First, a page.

Skip to main content

Natural Awakenings Westchester / Putnam / Dutchess New York

Publisher's Letter for May 2021

Apr 30, 2021 10:06PM ● By Marilee Burrell
 A woman’s health is her capital.
                   —Harriet Beecher Stowe

This month our focus is on women’s wellness (not to worry, next month it will be all about the guys). These days, a natural approach to health is the only one that makes sense to me. Our bodies have the innate ability to self-regulate, balance and heal all on their own. Often just removing an offending substance, or changing a situation that was producing stress, can turn things around. Yoga, coaching, exercise and clean food can help us stay healthy and vibrant long into old age.
In my younger days, I worked for a pharmaceutical company. But I lost faith in my employer and the drug model when I discovered that homeopathy worked better for me than the prescription pills I’d been taking. That prompted me to study energy medicine, leave my job and start publishing my first Natural Awakenings with two other women in Connecticut. Looking back now, I can’t believe how different my lifestyle is from my pre-Natural Awakenings days, when I took daily prescriptions and over-the-counter drugs. I’m grateful for the natural lifestyle I’ve found and for the much healthier version of me now.
Financially, investing in our wellness is as important as contributing to a retirement fund, since a prolonged illness can wipe out a life savings. Learning and implementing health-promoting practices over time builds our “health reservoir,” so to speak, and keeps our immune system, cardiovascular system, cognitive function and other systems healthier and more resilient too.
I’m always on the lookout for new healthy things to do. Recently I started growing microgreens. Sprouts and microgreens are loaded with vitamins, minerals and other powerful phytonutrients and are easy to digest and assimilate. Plus they’re inexpensive and easy to grow.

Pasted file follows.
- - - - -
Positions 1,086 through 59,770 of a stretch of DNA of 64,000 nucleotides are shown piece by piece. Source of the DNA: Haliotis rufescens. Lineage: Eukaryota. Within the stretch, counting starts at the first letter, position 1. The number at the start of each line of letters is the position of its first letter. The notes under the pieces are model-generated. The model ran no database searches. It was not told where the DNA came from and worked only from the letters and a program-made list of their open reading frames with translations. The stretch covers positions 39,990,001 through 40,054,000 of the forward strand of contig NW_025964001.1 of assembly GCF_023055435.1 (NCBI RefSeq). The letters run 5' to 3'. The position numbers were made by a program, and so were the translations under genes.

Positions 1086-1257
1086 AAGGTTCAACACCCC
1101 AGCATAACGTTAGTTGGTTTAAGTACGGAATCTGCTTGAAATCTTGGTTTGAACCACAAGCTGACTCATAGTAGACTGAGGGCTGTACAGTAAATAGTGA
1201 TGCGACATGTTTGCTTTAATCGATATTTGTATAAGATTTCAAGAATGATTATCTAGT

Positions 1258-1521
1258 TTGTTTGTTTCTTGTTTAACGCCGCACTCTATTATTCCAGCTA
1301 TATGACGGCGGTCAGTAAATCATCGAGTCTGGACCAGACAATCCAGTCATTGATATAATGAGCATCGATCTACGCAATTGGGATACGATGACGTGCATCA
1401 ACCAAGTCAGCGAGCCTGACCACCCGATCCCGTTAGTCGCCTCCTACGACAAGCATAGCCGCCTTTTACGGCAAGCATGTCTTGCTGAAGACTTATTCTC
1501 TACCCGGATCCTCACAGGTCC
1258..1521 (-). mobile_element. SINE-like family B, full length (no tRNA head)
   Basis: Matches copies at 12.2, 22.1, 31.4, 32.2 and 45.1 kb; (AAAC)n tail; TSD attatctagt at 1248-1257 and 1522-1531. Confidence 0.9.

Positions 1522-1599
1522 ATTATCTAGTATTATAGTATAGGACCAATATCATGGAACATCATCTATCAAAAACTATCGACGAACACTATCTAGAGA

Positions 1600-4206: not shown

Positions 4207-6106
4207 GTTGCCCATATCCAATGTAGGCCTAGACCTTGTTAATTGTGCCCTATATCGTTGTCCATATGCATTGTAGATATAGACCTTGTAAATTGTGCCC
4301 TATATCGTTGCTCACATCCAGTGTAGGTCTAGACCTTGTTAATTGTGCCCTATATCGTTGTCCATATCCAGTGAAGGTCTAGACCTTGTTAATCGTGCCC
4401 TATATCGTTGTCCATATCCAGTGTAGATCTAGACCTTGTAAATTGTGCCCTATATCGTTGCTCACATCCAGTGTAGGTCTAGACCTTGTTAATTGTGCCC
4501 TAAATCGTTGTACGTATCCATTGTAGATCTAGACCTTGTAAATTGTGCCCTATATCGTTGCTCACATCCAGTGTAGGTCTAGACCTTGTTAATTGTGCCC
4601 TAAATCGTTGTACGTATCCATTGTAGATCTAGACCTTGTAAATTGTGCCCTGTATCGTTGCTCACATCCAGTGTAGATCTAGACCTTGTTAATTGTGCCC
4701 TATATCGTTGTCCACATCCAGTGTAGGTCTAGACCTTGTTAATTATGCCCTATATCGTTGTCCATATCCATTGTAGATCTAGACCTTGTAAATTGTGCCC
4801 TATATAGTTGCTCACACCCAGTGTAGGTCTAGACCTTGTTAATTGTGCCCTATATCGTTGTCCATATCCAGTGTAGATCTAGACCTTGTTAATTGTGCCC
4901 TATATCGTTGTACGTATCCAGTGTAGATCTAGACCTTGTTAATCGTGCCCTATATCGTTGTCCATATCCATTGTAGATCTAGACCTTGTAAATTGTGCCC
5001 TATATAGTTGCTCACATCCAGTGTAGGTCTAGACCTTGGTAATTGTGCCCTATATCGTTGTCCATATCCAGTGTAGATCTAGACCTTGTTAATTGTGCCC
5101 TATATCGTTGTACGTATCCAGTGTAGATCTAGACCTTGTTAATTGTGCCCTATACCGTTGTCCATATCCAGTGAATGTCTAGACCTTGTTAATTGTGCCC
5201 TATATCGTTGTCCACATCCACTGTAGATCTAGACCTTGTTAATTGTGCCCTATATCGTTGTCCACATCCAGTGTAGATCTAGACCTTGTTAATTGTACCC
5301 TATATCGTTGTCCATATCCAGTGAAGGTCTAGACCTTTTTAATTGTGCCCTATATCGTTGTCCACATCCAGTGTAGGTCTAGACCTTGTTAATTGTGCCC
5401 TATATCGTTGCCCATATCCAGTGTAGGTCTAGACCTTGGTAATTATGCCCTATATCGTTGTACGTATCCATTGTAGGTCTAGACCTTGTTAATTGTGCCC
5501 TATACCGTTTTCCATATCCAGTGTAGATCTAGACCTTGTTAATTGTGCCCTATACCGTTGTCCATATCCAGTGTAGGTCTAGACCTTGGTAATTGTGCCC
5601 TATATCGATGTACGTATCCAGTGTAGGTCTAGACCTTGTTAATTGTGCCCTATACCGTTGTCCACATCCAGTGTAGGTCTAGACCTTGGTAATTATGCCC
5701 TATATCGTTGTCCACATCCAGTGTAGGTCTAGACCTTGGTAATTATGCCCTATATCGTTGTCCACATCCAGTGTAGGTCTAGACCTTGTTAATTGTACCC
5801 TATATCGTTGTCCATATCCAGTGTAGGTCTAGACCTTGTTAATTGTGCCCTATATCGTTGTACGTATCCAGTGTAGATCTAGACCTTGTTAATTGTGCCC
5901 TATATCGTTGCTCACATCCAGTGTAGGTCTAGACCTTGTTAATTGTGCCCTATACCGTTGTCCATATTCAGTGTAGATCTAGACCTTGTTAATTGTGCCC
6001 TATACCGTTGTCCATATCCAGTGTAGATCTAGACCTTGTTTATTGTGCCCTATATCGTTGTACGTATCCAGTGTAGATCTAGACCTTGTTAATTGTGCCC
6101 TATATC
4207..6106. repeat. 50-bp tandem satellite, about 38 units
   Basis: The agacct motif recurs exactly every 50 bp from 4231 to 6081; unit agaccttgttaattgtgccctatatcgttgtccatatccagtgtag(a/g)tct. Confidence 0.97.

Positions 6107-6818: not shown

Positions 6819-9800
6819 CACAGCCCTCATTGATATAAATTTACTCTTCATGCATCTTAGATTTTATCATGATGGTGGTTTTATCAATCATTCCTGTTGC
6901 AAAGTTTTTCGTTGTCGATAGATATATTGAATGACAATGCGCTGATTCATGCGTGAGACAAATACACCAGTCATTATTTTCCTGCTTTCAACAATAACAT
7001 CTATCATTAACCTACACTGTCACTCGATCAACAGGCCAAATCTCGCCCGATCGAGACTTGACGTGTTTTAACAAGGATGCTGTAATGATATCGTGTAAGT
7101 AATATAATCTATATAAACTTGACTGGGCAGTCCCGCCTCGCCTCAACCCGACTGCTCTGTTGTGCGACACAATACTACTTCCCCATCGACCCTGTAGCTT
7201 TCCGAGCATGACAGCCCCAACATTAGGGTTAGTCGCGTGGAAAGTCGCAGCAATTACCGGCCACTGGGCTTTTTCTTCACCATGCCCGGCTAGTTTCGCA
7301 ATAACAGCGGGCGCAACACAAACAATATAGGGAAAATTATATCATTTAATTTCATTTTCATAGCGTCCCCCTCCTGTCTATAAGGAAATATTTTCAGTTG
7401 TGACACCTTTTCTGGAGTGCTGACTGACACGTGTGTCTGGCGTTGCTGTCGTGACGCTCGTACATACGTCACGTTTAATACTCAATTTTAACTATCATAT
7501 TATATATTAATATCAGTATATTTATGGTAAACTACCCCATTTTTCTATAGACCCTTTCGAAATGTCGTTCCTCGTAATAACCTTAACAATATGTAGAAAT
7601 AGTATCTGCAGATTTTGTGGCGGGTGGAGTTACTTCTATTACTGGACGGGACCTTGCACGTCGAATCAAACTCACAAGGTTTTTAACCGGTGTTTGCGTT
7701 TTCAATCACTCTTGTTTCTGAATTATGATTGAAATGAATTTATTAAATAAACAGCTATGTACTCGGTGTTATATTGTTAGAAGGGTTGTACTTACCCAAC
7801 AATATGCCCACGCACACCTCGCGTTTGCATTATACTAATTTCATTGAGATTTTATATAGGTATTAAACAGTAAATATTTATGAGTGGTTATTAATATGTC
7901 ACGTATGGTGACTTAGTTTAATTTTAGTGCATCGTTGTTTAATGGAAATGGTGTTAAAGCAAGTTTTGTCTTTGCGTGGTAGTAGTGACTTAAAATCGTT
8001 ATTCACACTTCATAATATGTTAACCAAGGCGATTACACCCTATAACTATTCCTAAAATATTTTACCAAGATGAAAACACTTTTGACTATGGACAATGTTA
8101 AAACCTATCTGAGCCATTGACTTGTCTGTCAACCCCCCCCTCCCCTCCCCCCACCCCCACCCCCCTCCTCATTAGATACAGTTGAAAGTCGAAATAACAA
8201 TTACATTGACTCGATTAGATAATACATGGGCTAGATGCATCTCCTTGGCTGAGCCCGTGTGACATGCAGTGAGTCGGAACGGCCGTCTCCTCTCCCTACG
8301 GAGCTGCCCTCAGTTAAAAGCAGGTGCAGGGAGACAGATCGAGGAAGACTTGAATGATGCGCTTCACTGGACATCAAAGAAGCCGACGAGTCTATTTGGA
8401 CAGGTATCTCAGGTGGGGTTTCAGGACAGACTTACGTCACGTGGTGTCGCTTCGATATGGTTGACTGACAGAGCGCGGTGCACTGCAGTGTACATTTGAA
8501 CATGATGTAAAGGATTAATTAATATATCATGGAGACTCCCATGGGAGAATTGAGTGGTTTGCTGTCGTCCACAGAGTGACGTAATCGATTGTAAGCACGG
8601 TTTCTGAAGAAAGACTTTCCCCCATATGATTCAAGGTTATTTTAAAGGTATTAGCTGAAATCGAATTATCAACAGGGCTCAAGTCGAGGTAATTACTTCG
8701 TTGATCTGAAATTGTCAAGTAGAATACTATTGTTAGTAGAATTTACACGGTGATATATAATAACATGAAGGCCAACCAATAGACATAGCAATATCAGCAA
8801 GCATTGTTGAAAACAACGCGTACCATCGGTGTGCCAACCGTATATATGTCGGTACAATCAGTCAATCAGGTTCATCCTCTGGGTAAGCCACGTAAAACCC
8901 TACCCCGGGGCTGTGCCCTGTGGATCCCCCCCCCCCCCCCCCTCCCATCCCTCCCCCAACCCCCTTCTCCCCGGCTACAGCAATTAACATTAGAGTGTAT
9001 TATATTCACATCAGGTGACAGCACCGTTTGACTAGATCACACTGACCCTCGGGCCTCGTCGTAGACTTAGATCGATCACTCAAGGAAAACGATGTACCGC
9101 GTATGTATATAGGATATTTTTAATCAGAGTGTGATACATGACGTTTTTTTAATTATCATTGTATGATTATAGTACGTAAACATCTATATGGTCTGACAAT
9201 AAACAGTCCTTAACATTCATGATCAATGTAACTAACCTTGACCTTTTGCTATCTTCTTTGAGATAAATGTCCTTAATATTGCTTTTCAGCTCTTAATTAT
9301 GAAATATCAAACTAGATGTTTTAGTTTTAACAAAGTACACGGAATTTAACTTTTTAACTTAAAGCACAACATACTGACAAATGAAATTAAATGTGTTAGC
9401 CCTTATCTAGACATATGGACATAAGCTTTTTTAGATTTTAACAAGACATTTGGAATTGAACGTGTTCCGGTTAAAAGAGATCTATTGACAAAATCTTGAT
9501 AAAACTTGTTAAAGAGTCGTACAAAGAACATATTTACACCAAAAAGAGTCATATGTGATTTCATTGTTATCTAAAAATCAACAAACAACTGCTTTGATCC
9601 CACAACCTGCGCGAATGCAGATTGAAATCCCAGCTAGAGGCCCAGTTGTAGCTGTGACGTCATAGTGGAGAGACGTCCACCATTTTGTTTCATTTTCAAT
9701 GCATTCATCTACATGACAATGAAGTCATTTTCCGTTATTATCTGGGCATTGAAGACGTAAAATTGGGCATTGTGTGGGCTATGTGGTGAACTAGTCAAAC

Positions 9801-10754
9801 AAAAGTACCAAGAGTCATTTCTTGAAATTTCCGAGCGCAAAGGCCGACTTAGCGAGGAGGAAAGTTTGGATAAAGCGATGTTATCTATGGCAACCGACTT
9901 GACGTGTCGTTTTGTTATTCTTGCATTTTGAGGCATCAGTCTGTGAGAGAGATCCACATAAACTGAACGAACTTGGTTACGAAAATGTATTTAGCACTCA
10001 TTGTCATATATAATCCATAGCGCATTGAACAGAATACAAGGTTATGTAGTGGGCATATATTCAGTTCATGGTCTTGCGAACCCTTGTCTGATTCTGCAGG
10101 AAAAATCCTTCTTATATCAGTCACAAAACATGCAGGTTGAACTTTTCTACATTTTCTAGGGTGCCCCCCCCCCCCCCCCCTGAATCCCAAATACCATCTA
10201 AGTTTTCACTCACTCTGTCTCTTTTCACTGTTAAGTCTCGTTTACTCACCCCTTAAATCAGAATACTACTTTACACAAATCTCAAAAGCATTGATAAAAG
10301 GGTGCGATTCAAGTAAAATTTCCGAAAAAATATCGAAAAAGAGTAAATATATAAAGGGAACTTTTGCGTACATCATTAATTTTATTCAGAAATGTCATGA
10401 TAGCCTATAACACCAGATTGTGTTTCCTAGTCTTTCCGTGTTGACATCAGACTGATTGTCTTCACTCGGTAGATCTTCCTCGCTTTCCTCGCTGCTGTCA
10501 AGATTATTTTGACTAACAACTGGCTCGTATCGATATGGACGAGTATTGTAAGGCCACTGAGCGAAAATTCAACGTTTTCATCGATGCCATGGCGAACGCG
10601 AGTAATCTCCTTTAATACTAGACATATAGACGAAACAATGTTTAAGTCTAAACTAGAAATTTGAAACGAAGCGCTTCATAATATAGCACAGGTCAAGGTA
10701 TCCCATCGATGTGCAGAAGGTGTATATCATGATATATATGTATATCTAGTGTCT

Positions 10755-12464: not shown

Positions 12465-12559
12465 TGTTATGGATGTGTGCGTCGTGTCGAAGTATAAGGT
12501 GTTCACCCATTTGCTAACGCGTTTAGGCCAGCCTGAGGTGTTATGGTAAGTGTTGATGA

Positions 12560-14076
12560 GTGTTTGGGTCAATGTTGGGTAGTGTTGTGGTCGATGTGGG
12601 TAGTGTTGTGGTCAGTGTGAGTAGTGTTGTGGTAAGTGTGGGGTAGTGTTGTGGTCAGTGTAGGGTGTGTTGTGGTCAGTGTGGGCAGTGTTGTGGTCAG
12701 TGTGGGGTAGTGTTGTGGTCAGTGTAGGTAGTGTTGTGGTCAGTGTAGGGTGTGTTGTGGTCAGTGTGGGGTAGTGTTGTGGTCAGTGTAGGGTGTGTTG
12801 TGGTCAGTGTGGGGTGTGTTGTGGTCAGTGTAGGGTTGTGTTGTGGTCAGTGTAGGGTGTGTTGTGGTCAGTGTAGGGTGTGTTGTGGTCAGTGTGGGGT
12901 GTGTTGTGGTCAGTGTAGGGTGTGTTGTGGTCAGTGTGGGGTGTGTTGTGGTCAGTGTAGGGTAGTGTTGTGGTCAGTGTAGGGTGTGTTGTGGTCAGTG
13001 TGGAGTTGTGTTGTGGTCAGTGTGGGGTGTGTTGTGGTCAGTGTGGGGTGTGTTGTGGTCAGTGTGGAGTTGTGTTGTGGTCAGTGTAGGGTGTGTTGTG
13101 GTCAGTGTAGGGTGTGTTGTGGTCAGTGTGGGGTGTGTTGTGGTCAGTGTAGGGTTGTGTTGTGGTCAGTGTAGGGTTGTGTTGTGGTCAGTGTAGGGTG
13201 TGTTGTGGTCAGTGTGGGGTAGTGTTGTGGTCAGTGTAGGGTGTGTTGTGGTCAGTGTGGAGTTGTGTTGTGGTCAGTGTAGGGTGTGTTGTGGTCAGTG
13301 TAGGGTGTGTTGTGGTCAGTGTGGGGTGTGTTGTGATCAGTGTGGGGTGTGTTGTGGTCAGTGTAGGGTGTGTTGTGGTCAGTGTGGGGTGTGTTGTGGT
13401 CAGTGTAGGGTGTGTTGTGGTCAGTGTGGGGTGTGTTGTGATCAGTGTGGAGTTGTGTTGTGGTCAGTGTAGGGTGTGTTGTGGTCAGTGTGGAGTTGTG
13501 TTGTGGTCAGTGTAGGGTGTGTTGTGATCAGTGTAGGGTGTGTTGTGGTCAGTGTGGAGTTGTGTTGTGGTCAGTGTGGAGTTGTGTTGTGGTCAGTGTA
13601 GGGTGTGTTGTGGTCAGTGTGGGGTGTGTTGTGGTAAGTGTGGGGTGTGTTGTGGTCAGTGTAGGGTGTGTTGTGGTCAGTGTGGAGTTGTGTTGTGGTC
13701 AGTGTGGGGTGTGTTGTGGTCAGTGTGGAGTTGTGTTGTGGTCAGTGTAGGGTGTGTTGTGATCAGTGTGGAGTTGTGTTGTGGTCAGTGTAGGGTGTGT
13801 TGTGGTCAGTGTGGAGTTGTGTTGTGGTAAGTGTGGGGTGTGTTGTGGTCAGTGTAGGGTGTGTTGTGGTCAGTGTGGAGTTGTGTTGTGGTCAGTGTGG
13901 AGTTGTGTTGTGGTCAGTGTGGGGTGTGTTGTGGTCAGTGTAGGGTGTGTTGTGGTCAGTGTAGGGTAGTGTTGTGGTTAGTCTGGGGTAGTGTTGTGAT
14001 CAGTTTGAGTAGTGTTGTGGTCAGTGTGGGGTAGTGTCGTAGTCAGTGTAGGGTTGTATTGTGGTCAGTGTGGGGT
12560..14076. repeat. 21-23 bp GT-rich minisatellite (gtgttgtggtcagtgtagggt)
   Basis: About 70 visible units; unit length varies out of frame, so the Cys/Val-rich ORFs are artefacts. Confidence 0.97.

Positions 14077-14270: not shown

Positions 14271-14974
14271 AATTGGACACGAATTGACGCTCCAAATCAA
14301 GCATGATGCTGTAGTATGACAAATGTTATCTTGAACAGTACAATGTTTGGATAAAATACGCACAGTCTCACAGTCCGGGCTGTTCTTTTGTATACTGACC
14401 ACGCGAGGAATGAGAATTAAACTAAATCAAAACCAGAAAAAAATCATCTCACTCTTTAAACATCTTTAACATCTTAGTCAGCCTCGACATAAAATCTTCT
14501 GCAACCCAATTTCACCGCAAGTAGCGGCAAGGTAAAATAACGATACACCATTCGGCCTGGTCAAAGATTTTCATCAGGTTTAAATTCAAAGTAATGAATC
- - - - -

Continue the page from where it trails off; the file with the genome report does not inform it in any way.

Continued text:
I also grow aloe—they make nice houseplants in the winter—and have started adding the gel from these homegrown plants (which are huge now) to my smoothies. It’s hard to believe they started out as small organic seedlings just a few years ago.
Foraging for wild foods is another fun thing I like to do. Wild foods are a notch above everything else, in my opinion—off the charts for life-enhancing benefits. Some people believe that because these plants are left alone in nature to evolve, they produce powerful compounds you won’t get from the cultivated fruits and veggies found at the market. Ramps and garlic mustard are two of the wild foods I’ve collected this month.
Okay, maybe cleanses aren’t “fun,” but I find the results so worthwhile that seasonal cleanses have become a tradition. Periodic cleanses can remove some of the toxins our bodies inevitably accumulate over decades of living on planet Earth—like PFAS (the endocrine-disrupting “forever chemicals”) and the heavy metals that are everywhere in our environment.
A cleanse frees up space in the liver so everything functions better. I’m currently on day nine of Anthony William’s nine-day liver cleanse, and I feel terrific. Some people think I’m over the top with my squeaky-clean diet, but I’m just making up for lost time!
Another healthy tradition is to periodically de-stress. If you’re looking for a place to do that, Omega in Rhinebeck is a short drive away and one of the best places I know to unwind, eat delicious plant-based meals and meet kindred spirits. And lucky for us, it is re-opening in July.
We hope you enjoy this month’s issue and find new ways to add to your health reservoir.

Here’s to feeling good—naturally,